Dane saved thousands of Chinese at Nanjing massacre

Bernhard Arp Sindberg, a Dane who happened to be in Nanjing during the Japanese imperial army’s massacre on soldiers and civilians in Nanjing in 1937, rescued thousands of Chinese from being killed or raped. While Sindberg is well-known in China for his deed, he is only now becoming recognized in Denmark as a national hero.

On Saturday 31 August 2019, Queen Margrethe II of Denmark unveiled a 3 meter tall bronze statue of Sindberg in a memorial park in Aarhus, his home town in Denmark. The statue is a gift to Aarhus from the city of Nanjing – the work of three award-winning artists: China’s Shang Rong and Fu Licheng and Denmark’s Lene Desmentik. A delegation of 40 people from China perticipated in the ceremony

Sindberg was 26 years old, when he started working as a guard in December 1937 at a cement factory in Nanjing, which was being built by Danish firm F. L. Smidth. It was soon after, that the Japanese troops conquered Nanjing.

When the horrific slaughtering started, Sindberg together with a German colleague provided shelter and medical care for 6,000 to 10,000 civilians at the cement factory. Chinese estimates put the number saved people even higher – at about 20,000 people.

Sindberg’s courage has been compared to that of Oskar Schindler, the German industrialist who saved 1,200 Jews from the Nazi Holocaust by employing them in factories, and who was immortalised in the movie Schindler’s List.

Sindberg painted a giant Danish flag ‘Dannebrog’ on the cement factory roof, to ward off Japanese bombs. He and Günther also planted the Dannebrog and German swastika around the site, as a deterrent against the Japanese army. At the time, imperial Japan was not hostile to Denmark or Nazi Germany, so the flags were respected.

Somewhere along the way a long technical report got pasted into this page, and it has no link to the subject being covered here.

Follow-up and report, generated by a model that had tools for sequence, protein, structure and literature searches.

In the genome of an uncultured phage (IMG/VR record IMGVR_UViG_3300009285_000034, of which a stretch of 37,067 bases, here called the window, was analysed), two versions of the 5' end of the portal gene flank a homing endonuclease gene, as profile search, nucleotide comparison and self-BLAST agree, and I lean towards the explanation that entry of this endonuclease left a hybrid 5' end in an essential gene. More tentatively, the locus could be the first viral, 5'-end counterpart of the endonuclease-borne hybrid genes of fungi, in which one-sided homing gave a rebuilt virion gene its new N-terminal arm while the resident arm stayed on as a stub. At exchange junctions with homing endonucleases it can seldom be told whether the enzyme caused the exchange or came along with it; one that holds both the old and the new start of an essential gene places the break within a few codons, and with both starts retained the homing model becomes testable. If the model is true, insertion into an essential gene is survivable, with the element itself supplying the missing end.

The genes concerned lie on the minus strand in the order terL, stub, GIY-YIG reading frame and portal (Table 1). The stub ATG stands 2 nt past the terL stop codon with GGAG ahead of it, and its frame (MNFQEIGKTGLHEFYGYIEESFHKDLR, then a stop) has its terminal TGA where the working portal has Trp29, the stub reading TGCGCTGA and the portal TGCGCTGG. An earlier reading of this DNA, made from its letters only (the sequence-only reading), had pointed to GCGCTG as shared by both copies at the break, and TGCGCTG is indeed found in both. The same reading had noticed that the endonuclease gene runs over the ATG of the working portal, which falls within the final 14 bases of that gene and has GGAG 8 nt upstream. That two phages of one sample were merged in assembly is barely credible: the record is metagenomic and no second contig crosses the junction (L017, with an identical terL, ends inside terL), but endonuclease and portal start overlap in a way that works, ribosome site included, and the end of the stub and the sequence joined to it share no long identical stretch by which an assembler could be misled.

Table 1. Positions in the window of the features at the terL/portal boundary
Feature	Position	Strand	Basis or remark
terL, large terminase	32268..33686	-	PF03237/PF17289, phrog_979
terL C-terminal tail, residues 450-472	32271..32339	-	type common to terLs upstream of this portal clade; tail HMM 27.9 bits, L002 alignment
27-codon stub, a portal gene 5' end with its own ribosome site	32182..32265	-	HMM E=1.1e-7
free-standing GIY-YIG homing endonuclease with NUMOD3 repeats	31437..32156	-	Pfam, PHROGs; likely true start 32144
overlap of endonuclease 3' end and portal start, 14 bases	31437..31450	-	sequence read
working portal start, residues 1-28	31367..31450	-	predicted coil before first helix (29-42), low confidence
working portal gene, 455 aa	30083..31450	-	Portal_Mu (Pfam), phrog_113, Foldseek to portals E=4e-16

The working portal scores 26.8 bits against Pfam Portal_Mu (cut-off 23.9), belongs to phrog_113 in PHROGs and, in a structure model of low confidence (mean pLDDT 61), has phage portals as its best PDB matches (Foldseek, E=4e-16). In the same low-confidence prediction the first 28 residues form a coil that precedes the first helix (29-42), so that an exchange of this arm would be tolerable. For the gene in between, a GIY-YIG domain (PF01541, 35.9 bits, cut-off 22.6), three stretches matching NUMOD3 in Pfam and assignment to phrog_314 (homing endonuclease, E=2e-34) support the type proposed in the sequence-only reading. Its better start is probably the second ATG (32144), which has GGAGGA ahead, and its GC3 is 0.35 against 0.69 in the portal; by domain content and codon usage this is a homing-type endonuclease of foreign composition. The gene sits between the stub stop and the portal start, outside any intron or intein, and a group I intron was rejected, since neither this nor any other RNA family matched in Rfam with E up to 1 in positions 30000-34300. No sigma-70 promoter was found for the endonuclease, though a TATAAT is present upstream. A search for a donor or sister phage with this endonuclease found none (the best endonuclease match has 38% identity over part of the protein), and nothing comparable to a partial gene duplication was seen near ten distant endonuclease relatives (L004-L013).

When the Japanese arrived at the gate, Sindberg would walk out to talk to them, and after a while they would disappear. He pulled out a Danish flag, and after they had exchanged a few words, the Japanese would turn around and leave.

Bernhard Arp Sindberg was a very average Dane. He was 173 cm tall and had only a basic education: in his early teens he left school and went abroad, doing various jobs on ships. He spent a few months in the French Foreign Legion in 1931, but deserted.

He arrived in China in 1934, where he demonstrated Danish rifles, then worked as chauffeur for Philip Pembroke Stephens, a British foreign correspondent. Stephens was shot and killed by a Japanese machine-gunner while covering the invasion of Shanghai in November 1937.

After his time in China during the Japanese invasion, he served in the US Merchant Marine in World War Two, then settled in California and rarely spoke about the horrors of Nanjing. He died in 1983.

Sindberg in his US merchant marine uniform.

In China, a photo exhibition opened on Saturday 31 August 2019 coinciding with the unveiling of the statue in Denmartk. The exhibition commemorates Bernhard Arp Sindberg as the Dane who helped save over 20,000 Chinese during the Nanjing Massacre.

Jakob Linulf, the consul general of the Royal Danish Consulate in Shanghai, said at the launch ceremony of the exhibition that history is the best teacher, and the painful events of 82 years ago should never be repeated.

Source: https://www.bbc.com/news/world-europe-49524779

About Gregers Møller

Editor-in-Chief • ScandAsia Publishing Co., Ltd. • Bangkok, Thailand

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